About this Research Topic
Dementias are known to be a worldwide epidemiological problem. The importance of understanding the molecular basis of dementias and designing rational therapies for its treatment is of growing interest for populations where life expectancy together with concerns for a better quality of life are increasing. Together with Parkinson's disease, Huntington's disease, transmissible spongiform encephalopathies and amyotrophic lateral sclerosis, Alzheimer disease (AD) is one of the diverse neurodegenerative diseases that present a pathological common mechanism consistent on conformational disorders of a particular protein which can fold into a stable alternative conformation. In most cases, this alteration results in its aggregation and accumulation in tissues as fibrillar deposits that finally induce neuronal death. However, at early stages, the mechanistic link between progressive cognitive impairment associated with neurodegenerative disorder has not been elucidated yet.
Based on these findings, and tempting to find an explanation for cognitive deficits observed in preclinical AD patients when no significant decline in the synapse and cell number has been detected, it has been proposed that misfolded oligomeric forms or small Aβ aggregates that are not deposited in the tissue might induce an initial state of synaptic dysfunction. The chronicity of this state will lead the brain to employ compensatory tools that over time will fail by loss of tuning between excitatory and inhibitory activities.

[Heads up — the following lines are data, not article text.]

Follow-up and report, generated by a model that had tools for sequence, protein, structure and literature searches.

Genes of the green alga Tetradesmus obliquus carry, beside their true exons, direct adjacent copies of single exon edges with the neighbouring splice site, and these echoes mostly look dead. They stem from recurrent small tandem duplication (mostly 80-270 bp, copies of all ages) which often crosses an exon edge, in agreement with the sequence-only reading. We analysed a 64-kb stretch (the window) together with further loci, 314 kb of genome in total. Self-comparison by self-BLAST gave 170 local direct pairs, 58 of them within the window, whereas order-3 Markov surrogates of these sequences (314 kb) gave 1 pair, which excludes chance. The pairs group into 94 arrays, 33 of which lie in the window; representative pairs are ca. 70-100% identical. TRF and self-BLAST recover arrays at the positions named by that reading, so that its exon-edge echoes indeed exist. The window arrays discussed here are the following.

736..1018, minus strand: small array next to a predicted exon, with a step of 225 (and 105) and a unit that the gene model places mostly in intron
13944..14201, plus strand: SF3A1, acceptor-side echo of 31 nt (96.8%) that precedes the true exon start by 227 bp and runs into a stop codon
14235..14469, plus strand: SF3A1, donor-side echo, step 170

During the last decade it has been suggested the emerging concept that the synaptic dysfunction caused by Aβ underlying the imbalance between excitatory and inhibitory neurotransmission systems, also explain hippocampal and cortical oscillatory impairments and hyperactivity found in early stage of AD. Recently it has been shown that Aβ modulates the activity of different receptors/channels which directly control the neuronal excitability, such as sodium or potassium channels. Pharmacological treatments based on the reestablishment of neuronal excitability level have shown to improve AD symptoms, so that strategies aimed to restore the balance between excitatory and inhibitory systems, particularly in early stages of the disease, seem to be the most appropriated to act on the functional deficits caused by Aβ.
Our main focus in this Research Topic will be on the most recent developments and ideas in the field of control of the neuronal excitability and oscillatory activity, which will enable us to discuss therapeutic opportunities for the near future. Accordingly, this Topic is particularly, but not exclusively, interested in the following questions:
What the Aβ molecular targets are?
How does Aβ affect synaptic function?
What are the mechanisms of Aβ-induced neural excitability changes and how can affect network activity?
What is the impact of Aβ on cellular/molecular properties of neurons, circuit functions and behavior?
Which drugs could modulate the synaptic neurotransmission dysfunction that Aβ initiates?
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